Regardless of what the weather feels like, winter solstice started Monday at 2:02 a.m. It’s an astronomical event caused by the Earth‘s tilt on its axis and its motion in orbit around the sun.
Even though it happens at the same time for all of us everywhere on Earth, we don’t all experience the same season.
Earth’s northern and southern hemisphere trade places in receiving the sun‘s light and warmth most directly. When it’s winter for us, south of the equator it’s summer.
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During winter, the sun is shining directly over the Tropic of Capricorn in the southern hemisphere. Meanwhile, the northern hemisphere is tilted away from the sun causing shorter days and colder temperatures. Today is when the sun reaches its lowest position in the sky.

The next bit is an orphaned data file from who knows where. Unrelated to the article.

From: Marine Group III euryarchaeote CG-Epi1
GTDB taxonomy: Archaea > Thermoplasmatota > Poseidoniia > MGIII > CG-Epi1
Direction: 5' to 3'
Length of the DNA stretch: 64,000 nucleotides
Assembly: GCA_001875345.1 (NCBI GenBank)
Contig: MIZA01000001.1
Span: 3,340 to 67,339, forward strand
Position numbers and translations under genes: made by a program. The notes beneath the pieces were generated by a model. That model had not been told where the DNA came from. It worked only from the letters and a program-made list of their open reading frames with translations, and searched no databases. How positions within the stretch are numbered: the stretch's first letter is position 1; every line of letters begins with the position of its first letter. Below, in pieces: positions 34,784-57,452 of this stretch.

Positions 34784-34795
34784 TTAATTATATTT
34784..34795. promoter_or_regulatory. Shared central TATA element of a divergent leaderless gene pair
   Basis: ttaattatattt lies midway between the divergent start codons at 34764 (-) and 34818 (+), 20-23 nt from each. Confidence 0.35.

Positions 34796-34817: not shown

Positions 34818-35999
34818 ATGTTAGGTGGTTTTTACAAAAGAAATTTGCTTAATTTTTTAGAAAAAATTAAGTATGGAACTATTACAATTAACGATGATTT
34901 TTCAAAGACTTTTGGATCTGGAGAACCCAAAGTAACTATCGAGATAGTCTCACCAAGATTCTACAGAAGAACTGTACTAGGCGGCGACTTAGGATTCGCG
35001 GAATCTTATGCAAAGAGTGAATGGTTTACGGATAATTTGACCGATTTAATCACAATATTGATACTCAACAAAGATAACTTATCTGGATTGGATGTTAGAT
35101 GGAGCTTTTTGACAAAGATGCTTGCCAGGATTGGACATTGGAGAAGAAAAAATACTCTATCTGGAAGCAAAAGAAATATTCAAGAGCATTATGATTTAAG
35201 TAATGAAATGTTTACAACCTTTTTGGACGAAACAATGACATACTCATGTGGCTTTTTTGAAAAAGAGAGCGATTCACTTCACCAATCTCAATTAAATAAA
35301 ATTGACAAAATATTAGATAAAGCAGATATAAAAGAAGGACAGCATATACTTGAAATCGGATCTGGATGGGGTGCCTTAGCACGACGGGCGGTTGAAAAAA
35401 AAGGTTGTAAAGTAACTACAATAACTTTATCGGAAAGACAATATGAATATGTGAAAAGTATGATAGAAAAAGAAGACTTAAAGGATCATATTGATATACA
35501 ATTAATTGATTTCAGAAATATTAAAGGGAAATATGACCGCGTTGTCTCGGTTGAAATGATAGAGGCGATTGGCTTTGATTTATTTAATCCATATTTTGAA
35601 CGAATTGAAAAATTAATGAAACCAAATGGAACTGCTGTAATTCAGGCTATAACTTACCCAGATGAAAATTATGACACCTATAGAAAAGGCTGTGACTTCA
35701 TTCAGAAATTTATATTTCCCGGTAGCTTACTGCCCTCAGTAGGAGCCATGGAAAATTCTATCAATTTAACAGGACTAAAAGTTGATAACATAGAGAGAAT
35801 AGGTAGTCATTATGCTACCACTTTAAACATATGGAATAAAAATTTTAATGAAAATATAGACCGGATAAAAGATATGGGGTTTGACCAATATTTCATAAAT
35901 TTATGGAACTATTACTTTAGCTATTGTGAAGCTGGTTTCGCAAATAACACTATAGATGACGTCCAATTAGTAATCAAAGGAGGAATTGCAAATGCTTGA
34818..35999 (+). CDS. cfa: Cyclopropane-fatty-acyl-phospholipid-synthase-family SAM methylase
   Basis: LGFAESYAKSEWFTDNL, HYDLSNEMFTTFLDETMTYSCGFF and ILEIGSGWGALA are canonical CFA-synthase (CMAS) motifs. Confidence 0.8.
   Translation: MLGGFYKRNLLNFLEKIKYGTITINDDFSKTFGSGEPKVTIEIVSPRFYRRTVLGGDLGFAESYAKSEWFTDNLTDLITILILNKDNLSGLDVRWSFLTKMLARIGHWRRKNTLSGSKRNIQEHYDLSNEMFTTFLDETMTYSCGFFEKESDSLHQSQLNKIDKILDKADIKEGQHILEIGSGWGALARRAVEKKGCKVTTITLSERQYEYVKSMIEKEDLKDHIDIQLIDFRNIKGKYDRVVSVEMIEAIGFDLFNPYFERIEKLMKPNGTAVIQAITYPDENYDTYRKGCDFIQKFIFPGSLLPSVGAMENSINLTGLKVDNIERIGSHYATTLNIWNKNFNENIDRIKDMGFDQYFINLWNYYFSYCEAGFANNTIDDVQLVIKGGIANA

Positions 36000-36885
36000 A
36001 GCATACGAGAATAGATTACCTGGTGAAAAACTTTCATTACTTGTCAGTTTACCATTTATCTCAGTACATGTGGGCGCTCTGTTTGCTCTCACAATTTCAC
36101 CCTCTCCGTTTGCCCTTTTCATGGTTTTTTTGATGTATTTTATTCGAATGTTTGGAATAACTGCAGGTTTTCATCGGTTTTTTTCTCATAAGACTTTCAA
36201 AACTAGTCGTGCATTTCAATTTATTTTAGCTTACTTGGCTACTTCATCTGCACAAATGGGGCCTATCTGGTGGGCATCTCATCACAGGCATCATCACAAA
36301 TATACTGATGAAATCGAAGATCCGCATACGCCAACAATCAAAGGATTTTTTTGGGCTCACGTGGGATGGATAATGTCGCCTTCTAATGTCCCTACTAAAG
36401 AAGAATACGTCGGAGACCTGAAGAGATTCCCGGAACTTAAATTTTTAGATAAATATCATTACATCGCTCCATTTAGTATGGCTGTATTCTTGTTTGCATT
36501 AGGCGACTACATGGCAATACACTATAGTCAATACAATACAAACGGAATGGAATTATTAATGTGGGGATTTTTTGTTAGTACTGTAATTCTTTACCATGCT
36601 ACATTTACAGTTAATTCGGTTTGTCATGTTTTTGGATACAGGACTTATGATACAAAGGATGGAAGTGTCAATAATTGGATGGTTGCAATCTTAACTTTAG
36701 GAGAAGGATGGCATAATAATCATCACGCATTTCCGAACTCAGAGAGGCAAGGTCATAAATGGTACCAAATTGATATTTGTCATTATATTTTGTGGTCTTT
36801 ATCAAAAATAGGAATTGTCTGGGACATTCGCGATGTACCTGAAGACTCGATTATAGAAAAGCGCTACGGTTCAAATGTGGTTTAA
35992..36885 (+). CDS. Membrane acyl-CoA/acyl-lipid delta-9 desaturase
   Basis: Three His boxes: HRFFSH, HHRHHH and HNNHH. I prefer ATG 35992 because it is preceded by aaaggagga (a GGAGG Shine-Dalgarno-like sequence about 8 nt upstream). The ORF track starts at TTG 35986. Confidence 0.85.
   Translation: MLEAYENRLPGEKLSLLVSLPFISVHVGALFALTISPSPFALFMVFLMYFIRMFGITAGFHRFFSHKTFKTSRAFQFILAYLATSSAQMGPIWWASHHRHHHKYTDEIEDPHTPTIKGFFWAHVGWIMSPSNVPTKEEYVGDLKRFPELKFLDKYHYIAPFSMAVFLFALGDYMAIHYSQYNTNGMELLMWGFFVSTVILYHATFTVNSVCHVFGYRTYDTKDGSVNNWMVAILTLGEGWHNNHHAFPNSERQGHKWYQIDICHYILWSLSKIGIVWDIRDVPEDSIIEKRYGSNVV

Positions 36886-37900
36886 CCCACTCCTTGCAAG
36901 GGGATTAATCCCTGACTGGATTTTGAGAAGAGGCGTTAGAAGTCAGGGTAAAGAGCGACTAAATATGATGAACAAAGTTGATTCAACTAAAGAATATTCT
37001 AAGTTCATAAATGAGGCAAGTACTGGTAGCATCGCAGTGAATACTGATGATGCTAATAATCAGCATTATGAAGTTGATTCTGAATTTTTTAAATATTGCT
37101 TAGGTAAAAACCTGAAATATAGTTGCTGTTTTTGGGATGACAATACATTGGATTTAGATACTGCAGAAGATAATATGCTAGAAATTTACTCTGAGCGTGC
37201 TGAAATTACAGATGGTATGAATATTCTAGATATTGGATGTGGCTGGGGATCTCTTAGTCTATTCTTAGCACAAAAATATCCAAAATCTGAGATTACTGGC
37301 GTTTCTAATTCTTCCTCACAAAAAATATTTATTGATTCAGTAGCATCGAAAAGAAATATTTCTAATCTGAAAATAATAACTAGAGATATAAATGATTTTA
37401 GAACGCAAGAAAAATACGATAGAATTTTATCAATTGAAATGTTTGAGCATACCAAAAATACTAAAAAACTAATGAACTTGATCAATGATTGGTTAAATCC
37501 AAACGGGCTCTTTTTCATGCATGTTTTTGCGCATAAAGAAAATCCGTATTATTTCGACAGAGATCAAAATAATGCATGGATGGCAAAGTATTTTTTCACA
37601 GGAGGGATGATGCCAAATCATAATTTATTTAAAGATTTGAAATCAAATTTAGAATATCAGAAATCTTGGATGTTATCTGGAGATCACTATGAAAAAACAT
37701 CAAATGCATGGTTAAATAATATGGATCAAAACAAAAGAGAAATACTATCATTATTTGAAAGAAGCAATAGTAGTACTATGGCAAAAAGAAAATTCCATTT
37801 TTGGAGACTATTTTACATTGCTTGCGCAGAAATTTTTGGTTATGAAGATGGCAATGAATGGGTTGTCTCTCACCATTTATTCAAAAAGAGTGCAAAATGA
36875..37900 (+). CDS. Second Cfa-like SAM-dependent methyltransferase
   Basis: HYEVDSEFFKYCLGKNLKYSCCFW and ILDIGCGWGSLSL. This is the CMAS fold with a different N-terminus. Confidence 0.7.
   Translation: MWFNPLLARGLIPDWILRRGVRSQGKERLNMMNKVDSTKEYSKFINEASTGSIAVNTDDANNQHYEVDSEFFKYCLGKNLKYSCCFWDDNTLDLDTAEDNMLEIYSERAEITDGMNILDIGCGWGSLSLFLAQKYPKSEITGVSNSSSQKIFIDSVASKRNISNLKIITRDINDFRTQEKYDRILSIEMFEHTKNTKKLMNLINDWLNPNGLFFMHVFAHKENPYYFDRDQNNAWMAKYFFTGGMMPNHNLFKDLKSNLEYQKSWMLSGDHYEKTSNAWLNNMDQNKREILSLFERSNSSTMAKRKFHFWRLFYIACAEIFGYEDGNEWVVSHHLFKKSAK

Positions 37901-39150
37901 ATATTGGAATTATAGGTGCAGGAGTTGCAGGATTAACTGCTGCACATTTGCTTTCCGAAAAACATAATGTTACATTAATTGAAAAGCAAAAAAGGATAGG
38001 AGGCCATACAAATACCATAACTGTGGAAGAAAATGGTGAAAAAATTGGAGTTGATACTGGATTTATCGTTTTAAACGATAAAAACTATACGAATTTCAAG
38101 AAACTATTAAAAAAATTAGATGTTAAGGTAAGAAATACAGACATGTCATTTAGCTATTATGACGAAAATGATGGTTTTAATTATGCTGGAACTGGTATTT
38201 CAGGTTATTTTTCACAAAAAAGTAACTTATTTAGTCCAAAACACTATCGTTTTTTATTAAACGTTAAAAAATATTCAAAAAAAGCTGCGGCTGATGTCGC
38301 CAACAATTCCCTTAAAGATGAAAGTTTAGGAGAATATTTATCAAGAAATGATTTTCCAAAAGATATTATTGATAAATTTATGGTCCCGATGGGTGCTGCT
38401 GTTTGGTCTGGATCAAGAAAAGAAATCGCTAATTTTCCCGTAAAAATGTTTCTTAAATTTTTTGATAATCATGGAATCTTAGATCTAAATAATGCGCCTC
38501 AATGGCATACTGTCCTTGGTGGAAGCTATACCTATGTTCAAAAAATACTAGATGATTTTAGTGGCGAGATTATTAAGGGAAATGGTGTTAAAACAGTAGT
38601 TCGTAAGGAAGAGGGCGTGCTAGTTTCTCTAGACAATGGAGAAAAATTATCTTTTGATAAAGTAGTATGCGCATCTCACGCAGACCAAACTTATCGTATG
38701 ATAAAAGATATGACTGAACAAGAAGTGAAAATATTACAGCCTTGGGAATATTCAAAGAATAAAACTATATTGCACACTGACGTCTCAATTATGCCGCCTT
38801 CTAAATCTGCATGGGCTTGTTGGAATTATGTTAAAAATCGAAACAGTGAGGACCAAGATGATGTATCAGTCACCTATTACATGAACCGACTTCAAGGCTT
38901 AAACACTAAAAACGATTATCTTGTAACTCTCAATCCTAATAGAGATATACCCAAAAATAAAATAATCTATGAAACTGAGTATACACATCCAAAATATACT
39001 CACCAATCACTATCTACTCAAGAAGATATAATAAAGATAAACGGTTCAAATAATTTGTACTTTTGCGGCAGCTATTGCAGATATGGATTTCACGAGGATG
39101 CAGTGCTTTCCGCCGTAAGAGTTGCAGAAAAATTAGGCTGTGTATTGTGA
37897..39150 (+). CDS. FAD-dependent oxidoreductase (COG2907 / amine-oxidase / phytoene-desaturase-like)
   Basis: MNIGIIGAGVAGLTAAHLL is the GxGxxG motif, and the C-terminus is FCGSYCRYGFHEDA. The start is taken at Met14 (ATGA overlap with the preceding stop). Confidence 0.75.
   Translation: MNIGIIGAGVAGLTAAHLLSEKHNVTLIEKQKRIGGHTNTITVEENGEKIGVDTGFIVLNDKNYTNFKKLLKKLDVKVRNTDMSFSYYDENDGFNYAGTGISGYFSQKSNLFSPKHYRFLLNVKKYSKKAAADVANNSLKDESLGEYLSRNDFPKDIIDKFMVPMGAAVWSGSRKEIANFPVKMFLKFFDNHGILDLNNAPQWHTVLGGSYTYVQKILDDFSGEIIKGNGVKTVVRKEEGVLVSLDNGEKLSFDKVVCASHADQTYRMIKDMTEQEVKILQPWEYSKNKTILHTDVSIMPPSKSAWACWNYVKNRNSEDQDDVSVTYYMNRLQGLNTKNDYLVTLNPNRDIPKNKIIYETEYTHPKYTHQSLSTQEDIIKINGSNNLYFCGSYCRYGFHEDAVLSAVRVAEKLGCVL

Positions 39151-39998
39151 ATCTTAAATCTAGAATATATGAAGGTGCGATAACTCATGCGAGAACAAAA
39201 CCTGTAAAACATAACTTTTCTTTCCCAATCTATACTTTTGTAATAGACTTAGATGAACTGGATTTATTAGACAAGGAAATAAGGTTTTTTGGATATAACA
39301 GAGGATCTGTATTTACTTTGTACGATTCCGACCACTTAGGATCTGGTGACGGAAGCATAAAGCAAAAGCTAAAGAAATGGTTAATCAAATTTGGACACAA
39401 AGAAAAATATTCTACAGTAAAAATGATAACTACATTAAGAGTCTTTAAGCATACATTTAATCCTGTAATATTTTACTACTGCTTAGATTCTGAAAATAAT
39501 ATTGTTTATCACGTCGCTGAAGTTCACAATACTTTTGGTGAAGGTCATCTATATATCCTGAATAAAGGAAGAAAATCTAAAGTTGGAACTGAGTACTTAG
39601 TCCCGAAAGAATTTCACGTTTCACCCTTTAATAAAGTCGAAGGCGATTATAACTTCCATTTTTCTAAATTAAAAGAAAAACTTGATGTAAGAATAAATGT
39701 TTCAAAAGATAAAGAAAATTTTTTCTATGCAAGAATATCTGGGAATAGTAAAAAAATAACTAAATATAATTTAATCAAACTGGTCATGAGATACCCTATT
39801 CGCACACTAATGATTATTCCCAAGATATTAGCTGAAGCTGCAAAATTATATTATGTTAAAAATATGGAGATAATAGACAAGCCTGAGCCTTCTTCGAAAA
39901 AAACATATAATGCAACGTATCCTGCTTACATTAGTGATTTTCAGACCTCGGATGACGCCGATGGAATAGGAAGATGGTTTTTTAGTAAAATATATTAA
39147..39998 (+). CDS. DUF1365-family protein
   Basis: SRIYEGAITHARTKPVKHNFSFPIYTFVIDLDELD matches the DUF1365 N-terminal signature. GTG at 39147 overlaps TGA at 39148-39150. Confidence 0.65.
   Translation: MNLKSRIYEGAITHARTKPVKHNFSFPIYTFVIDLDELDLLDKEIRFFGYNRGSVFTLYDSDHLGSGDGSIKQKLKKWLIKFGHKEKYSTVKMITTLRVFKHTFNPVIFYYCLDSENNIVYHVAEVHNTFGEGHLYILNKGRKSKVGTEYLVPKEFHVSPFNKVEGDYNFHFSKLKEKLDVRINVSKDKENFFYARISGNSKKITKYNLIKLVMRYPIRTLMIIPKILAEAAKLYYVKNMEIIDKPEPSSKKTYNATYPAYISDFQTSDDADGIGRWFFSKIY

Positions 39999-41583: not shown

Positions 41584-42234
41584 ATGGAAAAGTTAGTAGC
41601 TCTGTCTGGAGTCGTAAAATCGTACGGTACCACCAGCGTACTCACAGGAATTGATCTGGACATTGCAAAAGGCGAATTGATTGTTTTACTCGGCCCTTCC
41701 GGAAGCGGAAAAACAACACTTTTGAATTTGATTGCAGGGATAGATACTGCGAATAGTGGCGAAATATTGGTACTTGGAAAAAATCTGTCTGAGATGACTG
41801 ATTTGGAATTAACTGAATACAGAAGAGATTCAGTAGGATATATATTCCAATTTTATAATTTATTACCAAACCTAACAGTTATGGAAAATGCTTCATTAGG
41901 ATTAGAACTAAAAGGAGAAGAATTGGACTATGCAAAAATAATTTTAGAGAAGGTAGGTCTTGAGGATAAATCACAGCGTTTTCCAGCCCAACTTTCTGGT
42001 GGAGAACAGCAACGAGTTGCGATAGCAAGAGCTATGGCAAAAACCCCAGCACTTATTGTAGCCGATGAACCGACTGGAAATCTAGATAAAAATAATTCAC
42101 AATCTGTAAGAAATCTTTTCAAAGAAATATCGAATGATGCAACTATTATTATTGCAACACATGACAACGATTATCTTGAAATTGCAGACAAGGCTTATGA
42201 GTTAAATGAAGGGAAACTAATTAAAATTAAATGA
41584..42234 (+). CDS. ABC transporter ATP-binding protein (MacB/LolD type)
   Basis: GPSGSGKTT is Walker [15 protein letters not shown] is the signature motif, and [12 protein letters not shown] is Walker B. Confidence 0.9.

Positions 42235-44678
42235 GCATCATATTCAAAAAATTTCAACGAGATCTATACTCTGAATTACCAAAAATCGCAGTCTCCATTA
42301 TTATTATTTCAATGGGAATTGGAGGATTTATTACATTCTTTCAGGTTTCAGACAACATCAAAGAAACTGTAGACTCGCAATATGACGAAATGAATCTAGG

Winter solstice is considered to be the shortest day of the year.
Really, it’s the day where we receive the least daylight.
After today, day length increases by a few seconds each day until the summer solstice. In many cultures it’s celebrated as a time of rebirth.
Winter comes to an end on March 20, when we begin the next season of spring.